Answer: When a patient comes to the Center, the first process is the registration process where
the receptionist fills in the patient card for the patient and gives the patient a registration card. This
card is the one the patient uses through every visit to enable the receptionist search for patient
records as well as history forms and appointments from available files.
After registration or after the receptionist finds the patients file, the patient waits for when I am
ready to see her. (Most of the patients that visit the center are women, as they feel more
comfortable with me and my services are well-known).
When I see the patient, I usually ask questions about reason for visit, as well as fill a history form
for 1st time patients or review it if necessary, for regular patients. Aside from that, the receptionist,

17

who is also my assistant, hands me the patient card that she filled in the patient details in order for
me to record the treatment for each visit.
Once I have diagnosed and recorded any findings, I issue where I find fit, a prescription or advice on
dietary routine. This is written on paper and given to the patient to follow. Usually, I never record
the dietary advice I give to patients but I do record the prescription on the treatment column of the
patient card for future reference.
From my office, it is the patients own choice on whether to get the drugs at our pharmacy or from
chemists elsewhere. If the patient however decides to do so, the prescription is given to the
pharmacist who responds by issuing drugs if available, else informs the patient. The pharmacist
then writes down on a piece of paper, the price for prescription if issued, which the patient takes to
the receptionist for billing.
The receptionist then bills for consultation and prescription accordingly and issues a receipt to the
patient.
New or regular patients may choose to make an appointment for their next visit. This is booked by
the receptionist who gets back to patients via the phone in the course of the week to confirm any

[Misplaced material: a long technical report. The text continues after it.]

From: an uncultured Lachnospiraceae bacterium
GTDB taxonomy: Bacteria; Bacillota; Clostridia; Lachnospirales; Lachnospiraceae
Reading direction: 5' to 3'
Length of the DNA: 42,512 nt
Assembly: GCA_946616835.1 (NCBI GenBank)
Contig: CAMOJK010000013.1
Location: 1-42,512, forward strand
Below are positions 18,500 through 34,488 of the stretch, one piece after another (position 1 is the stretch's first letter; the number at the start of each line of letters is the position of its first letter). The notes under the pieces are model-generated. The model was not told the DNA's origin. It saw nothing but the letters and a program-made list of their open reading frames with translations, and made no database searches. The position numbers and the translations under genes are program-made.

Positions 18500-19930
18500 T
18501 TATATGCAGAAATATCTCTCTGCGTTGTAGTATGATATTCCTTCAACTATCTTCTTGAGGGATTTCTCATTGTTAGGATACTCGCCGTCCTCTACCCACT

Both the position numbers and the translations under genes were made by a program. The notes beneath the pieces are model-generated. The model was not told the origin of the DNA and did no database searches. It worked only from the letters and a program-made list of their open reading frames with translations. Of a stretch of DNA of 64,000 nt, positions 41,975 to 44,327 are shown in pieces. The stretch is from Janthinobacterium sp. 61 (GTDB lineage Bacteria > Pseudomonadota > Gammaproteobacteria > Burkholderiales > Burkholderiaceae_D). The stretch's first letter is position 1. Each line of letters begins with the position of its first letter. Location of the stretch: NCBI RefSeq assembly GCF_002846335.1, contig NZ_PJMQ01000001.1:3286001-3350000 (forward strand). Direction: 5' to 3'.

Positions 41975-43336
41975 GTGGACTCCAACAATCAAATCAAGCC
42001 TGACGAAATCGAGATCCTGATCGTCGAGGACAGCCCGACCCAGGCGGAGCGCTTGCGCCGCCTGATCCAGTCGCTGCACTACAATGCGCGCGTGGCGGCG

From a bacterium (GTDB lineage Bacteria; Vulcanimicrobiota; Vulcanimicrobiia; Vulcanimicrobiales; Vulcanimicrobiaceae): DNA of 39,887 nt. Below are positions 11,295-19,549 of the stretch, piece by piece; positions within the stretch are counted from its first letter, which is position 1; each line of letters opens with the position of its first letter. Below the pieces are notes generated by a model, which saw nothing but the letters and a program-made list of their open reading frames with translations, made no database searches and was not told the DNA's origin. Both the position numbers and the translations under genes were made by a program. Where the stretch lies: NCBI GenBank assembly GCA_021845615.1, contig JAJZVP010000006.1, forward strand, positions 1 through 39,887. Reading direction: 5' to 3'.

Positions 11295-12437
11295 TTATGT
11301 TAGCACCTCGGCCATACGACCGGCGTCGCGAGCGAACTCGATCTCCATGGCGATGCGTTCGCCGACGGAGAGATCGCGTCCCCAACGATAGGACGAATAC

appointments, postpone or cancel them.
Question: Is it a must for Patients to make an appointment?
Not necessarily. Most patients who make appointments do so when they would like priority service
over other patients. The clinic operates on a first come first served basis, but priority is always
given to patients who had made appointments, even when they arrive and find a waiting line. I
often advise patients who would like to consult me during weekends to make an appointment
because weekend working hours are shorter compared to weekdays.
Question: From your description of the processes, it seems everything is always written down
and stored on paper file. What kind of backup do you have for these files?
Answer: We had never considered any backup under the assumption that patient files are safe on
cabinets and so long as they are locked and the right people have the key, nothing can compromise
the situation.

Question: How come the Center never considered electronic means of operations and storage in
the previous years?
Answer: Well, the way times were before are different now. When I 1 st started this Center, I didnt
have many Patients and so keeping and maintaining records on paper was easy and less tedious.
Customers increase as businesses expand; the Center has grown since then and so has the patient
18

number, making it very difficult and costly to maintain and keep track of patient files using paper. It
has been difficult and operations tend to be slowed down by having to search through files for a
patients record.
Computers have also reduced in cost and it is slightly easier to adapt and embrace technology now,
than it was before.
Question: If you prefer change to the current system, what would you suggest?
Answer: I would like for the Centers operations to be more efficient and feel strongly that in
automating activities, we can achieve that. A system that will facilitate easy and quick searches for
files enable us track patient records as well as be able to print them.
Question: Do you have any computers, and is there a working internet connection in your clinic?
Yes, I have a laptop which I use for my own personal activities but no internet connection at the
Center. I usually use Orange Modem for internet when at work, although I recently subscribed for
Internet services from WebRunners Ltd at Blueroom, which was set up at my home. If the Center
acquires an automated system for its medical records, then it will need several computers plus
internet set up, which will not be a problem.

CHAT INTERVIEW OVER SKYPE WITH DR. AISHA A. ABDALLA, CONSULTANT OBSTETRICIAN &
GYNECOLOGIST, SAHLA MEDICAL CENTER, AT TTUC VOI, ON THURSDAY, 17TH NOVEMBER 2012 AT 5.00PM.

Question: Can a patient be treated for more than one medical problem in a single appointment?
Answer: Yes, it is possible that a patient might be treated for more than one medical problem in a
single appointment. For example, a patient might be treated for uterine fibroids and ovarian cysts,
all of which are different problems.
Question: Can a patient be prescribed more than 6 drugs for a single problem or for more than
one problem?
Answer: Highly unlikely. Most drugs tend to be toxic to the liver and kidney when taken with other
drug combinations. For that reason, most of the time doctors know better and you will find that a
maximum of 3-5 drugs is the common prescription. However, in a single prescription, the doctor